HOW someone got their amateur radio license is irrelevant as well. There are plenty of 50 WPM+ hams out there that are terrible operators. There are plenty of brand new no code hams out there that are superb operators.

What we need to be working towards, TOGETHER, is getting all hams to share their knowledge freely and without judgment for what another ham does or does not know.

Personally I could care less what license class a person holds. I never ask. If they ask for my help I give it freely and without judgment. When an amateur extra class license holder pops on the radio asking a simple antenna question that was covered in the technician or general test many hams go into convulsions. I offer to answer their question, and then follow up to see if they need any more assistance. That is how we grow the hobby.

Because you see, ham radio is a hobby, and it should also be a fellowship. I am not here to brag about my license or knowledge or station setup or how many awards I have, I am here to have fun and help others to have fun. When you get hung up on what license another person has or when/how they got it, you have stopped recognizing them as a person, and are trying to pigeon hole them based upon a piece of paper. That is a truly pathetic station in life.
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  #129 (permalink)  
Old 06-16-2014, 2:01 PM
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I think the bigger issue with the current tests is not so much the difficulty, but the content.

None of the tests teach you how to be a good operator on the air. You can pass these tests and have poor operating manners.

I hear this over and over again on our local repeaters - people with newer callsigns who are generals or even extras but have NO idea how to operate on the air and have little practical knowledge:
  • Saying "over" after every transmission, especially on repeaters with courtesy tones.
  • Buying the Baofeng HT and then complaining that they can't make it into a repeater 35 miles away when they're sitting in their living room.
  • Thinking that repeaters are a public utility (someone has to build and maintain them).
  • Breaking into a roundtable discussion and bringing up an entirely different topic (or at least not contributing to the current conversation).
  • Thinking that they know everything about the hobby because they passed the test(s).
  • IDing way too often or at the beginning and end of each transmission.
  • etc.

We were all there once.

Part of the solution to this is better elmering. When I encounter a new ham on the air doing something like the above, if it's a complete newbie mistake, I'll politely correct them on the air, something more involved, I'll find their email address and shoot a quick (but positive) email, or talk to them in person off-air. Many of the hams I know (especially the older ones) will complain about this stuff, but then they won't try to engage and elmer these people - but elmering is a huge part of this hobby, I hope we don't lose it.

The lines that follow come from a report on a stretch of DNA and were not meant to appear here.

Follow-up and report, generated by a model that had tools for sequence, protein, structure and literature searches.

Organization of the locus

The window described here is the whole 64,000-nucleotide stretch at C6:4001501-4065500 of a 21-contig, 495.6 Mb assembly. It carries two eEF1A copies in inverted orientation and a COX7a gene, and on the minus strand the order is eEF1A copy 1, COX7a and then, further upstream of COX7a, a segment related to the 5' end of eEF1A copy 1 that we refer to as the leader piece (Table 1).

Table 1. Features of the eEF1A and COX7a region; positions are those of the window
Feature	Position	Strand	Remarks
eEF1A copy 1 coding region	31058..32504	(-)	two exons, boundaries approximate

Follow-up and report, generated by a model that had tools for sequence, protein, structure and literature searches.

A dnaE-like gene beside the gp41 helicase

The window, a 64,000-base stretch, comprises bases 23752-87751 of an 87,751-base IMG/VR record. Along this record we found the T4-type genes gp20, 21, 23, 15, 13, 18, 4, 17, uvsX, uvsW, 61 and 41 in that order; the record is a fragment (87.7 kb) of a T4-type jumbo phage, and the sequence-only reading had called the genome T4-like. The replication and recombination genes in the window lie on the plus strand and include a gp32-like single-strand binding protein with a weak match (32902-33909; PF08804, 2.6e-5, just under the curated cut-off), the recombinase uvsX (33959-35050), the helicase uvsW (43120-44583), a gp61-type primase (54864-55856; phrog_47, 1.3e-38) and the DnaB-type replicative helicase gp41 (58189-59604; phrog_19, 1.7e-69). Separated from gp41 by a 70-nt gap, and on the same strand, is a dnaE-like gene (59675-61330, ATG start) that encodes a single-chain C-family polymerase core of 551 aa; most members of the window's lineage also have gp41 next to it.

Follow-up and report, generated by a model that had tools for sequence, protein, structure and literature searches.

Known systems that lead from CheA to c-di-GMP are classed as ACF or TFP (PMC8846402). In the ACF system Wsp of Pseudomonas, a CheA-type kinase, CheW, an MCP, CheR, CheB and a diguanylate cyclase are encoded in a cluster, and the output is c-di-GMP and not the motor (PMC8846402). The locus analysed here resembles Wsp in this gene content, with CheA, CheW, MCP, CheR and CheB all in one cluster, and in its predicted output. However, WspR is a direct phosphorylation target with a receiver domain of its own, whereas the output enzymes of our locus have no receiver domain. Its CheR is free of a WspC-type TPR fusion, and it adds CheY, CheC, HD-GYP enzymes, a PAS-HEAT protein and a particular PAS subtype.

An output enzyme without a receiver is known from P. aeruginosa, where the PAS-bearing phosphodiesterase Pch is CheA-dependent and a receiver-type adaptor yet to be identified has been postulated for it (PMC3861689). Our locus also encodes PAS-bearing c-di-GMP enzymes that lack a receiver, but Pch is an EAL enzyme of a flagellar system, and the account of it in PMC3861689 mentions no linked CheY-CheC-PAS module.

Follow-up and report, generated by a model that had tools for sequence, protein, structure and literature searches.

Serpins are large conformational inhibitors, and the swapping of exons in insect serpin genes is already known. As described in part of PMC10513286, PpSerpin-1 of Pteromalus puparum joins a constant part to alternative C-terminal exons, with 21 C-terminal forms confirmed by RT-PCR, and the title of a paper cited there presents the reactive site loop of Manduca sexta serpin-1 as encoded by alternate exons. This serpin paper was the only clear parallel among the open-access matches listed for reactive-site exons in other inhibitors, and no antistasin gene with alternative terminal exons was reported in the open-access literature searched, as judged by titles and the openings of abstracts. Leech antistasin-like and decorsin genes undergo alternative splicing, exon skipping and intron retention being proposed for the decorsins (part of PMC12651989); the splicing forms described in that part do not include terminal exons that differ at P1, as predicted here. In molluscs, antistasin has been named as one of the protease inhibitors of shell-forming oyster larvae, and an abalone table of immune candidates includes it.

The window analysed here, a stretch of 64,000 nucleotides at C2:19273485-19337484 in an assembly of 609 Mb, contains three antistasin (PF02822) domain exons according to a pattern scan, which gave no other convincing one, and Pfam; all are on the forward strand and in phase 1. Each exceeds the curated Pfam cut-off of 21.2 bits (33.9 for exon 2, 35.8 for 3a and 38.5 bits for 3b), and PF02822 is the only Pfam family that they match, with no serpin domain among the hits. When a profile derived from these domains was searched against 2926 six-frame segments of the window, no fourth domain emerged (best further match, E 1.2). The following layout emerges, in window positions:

Maybe another part of the solution would be to have more questions about on-air etiquette.

Now, I don't claim to have perfect on-air etiquette, and I've only been a ham for about a year and a half. Tech, then General six months later. The amount of knowledge I don't have about the hobby is staggering, but I'm still learning. I'm also very lucky - I've been able to socialize with and learn from some VERY experienced and knowledgeable people. I would still be a complete idiot on the air today if it weren't for them.

Just my $0.02
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Old 06-16-2014, 2:15 PM
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Originally Posted by dandrzejewski View Post
I think the bigger issue with the current tests is not so much the difficulty, but the content.

None of the tests teach you how to be a good operator on the air. You can pass these tests and have poor operating manners.

I hear this over and over again on our local repeaters - people with newer callsigns who are generals or even extras but have NO idea how to operate on the air and have little practical knowledge:
  • Saying "over" after every transmission, especially on repeaters with courtesy tones.
  • Buying the Baofeng HT and then complaining that they can't make it into a repeater 35 miles away when they're sitting in their living room.
  • Thinking that repeaters are a public utility (someone has to build and maintain them).
  • Breaking into a roundtable discussion and bringing up an entirely different topic (or at least not contributing to the current conversation).
  • Thinking that they know everything about the hobby because they passed the test(s).
  • IDing way too often or at the beginning and end of each transmission.
  • etc.

We were all there once.

Part of the solution to this is better elmering. When I encounter a new ham on the air doing something like the above, if it's a complete newbie mistake, I'll politely correct them on the air, something more involved, I'll find their email address and shoot a quick (but positive) email, or talk to them in person off-air. Many of the hams I know (especially the older ones) will complain about this stuff, but then they won't try to engage and elmer these people - but elmering is a huge part of this hobby, I hope we don't lose it.